Université de Fribourg

Independent and competing agencies : An effective way to control government

Schelker, Mark ; Eichenberger, Reiner

In: Public Choice, 2007, vol. 130, p. 79-98

Controlling government is a primary focus of the politico-economic literature. Recently, various political institutions have been analyzed from this perspective, most importantly balanced budget rules, fiscal federalism, and direct democracy. However, one type of institution has been neglected so far: elected competitors to the government. Such institutional competition between the government...

Université de Fribourg

Auditor expertise : Evidence from the public sector

Schelker, Mark

In: Economics Letters, 2012, vol. 116, no. 3, p. 432-435

This paper is the first attempt to study the relationship between public auditor expertise and fiscal performance. I find that states requiring the auditor to hold a professional degree feature significantly higher credit ratings and lower expenditures and debt.

Université de Fribourg

The influence of auditor term length and term limits on US state general obligation bond ratings

Schelker, Mark

In: Public Choice, 2012, vol. 150, p. 27-49

Improving transparency and enabling the principal to hold its agents accountable is a major issue in any principal agent relationship. This paper focuses on the role of public auditors in this task and presents evidence on the impact of auditor term length and term limits on government performance measured by state credit ratings at the US State level. I find no clear evidence for the...

Université de Fribourg

Auditors and Corporate Governance : Evidence from the Public Sector

Schelker, Mark

In: KYKLOS, 2013, vol. 66, no. 2, p. 275-300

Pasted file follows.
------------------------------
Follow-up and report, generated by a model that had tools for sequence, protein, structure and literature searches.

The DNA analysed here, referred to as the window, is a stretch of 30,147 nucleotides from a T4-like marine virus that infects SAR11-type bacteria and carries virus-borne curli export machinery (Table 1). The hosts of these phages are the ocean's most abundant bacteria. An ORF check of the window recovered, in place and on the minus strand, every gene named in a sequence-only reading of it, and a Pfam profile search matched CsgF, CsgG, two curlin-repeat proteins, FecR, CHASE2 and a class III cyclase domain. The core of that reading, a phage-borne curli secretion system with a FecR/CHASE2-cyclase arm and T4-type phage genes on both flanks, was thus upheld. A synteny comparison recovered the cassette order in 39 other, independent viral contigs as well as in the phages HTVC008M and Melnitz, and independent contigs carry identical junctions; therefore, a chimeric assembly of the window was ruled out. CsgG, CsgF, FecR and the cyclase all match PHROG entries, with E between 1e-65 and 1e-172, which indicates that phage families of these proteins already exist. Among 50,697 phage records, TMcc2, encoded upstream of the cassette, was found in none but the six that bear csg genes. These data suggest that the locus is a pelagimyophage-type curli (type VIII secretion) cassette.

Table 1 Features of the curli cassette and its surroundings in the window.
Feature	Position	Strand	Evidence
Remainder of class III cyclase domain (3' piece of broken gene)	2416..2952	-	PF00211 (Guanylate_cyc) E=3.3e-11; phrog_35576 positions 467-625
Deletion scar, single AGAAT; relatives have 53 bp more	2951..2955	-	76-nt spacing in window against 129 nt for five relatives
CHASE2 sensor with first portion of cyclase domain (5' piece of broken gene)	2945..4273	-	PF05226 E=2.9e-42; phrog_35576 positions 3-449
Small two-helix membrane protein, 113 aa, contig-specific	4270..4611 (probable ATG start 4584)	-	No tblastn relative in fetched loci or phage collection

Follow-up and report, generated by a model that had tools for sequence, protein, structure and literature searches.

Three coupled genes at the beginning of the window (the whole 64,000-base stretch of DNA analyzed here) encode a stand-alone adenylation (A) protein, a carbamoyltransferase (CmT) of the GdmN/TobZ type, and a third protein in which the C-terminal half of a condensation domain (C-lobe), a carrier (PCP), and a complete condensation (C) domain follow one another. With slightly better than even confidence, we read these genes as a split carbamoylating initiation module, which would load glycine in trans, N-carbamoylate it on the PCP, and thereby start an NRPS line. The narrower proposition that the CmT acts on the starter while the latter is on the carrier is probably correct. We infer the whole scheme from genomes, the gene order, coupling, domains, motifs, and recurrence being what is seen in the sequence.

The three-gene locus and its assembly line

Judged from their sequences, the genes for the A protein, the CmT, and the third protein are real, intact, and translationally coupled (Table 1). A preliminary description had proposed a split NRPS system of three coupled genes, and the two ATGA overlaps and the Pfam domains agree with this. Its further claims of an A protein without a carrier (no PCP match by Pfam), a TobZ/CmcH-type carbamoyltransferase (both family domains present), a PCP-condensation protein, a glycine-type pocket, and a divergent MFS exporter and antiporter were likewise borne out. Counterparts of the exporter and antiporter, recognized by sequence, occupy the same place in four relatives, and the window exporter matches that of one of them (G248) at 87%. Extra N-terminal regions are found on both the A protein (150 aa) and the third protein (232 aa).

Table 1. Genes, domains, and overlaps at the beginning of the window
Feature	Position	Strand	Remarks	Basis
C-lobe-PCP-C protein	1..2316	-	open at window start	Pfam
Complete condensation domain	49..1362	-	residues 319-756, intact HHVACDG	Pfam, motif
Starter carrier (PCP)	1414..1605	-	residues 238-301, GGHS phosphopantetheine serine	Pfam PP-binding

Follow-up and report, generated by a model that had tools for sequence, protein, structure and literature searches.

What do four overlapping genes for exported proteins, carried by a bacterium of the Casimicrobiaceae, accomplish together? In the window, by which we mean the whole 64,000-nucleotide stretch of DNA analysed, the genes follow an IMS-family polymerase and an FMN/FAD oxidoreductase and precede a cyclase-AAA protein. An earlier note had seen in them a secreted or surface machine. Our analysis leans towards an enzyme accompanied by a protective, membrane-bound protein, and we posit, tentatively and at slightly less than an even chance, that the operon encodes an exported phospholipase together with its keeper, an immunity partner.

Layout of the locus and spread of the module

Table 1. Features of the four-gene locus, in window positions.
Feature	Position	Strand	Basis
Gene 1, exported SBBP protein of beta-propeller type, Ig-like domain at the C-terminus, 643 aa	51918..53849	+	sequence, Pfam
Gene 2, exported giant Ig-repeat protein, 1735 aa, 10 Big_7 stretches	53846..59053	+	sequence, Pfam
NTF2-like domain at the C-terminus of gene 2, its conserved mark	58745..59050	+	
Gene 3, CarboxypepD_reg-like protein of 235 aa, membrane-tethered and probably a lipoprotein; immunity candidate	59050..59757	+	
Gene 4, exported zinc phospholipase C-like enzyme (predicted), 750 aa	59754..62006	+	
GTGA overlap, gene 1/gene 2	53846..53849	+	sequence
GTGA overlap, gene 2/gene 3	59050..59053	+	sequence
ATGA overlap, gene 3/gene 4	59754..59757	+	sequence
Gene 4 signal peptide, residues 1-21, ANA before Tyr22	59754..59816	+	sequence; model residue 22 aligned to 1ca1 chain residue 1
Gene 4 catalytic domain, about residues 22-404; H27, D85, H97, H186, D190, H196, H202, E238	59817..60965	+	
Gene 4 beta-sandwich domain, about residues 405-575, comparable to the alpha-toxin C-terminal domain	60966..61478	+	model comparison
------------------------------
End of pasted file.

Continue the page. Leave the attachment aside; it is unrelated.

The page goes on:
Corporate auditors review and evaluate financial statements. To enhance independence the selection process and mandatory auditor rotation requirements have been debated intensively. The available empirical evidence is not conclusive and suffers from serious endogeneity problems. We propose learning from the public sector in which auditors play a similar role and present empirical evidence on...

Université de Fribourg

Governance, bureaucratic rents, and well-being differentials across US states

Luechinger, Simon ; Schelker, Mark ; Stutzer, Alois

In: Oxford Economic Papers, 2014, vol. 66, no. 2, p. 443-464

We analyse the influence of institutional restrictions on bureaucratic rents. As a measure for these rents, we propose subjective well-being differentials between workers in the public administration and workers in other industries. Based on data for the US states, we estimate the extent to which institutional efforts to strengthen bureaucratic accountability affect differences in well-being....

Université de Fribourg

Direct and Indirect Effects based on Changes-in-Changes

Huber, Martin ; Schelker, Mark ; Strittmatter, Anthony

In: Journal of Business and Economic Statistics, 2019, p. 1-60

We propose a novel approach for causal mediation analysis based on changesin- changes assumptions restricting unobserved heterogeneity over time. This allows disentangling the causal effect of a binary treatment on a continuous outcome into an indirect effect operating through a binary intermediate variable (called mediator) and a direct effect running via other causal mechanisms. We identify...

Université de Fribourg

Direct and Indirect Effects Based on Difference-in-Differences With an Application to Political Preferences Following the Vietnam Draft Lottery

Deuchert, Eva ; Huber, Martin ; Schelker, Mark

In: Journal of Business and Economic Statistics, 2019, vol. 37, no. 4, p. 710-720

We propose a difference-in-differences approach for disentangling a total treatment effect within specific subpopulations into a direct effect and an indirect effect operating through a binary mediating variable. Random treatment assignment along with specific common trend and effect homogeneity assumptions identify the direct effects on the always and never takers, whose mediator is not...

Université de Fribourg

Lame ducks and divided government: How voters control the unaccountable

Schelker, Mark

In: Journal of Comparative Economics, 2018, vol. 46, no. 1, p. 131-144

Electoral institutions interact through the incentives they provide to policy makers and voters. In this paper divided government is interpreted as the reaction of voters to a sys- tematic control problem. Voters realize that term-limited executives (“lame ducks”) cannot credibly commit to a moderate electoral platform due to missing reelection incentives. By dividing government control...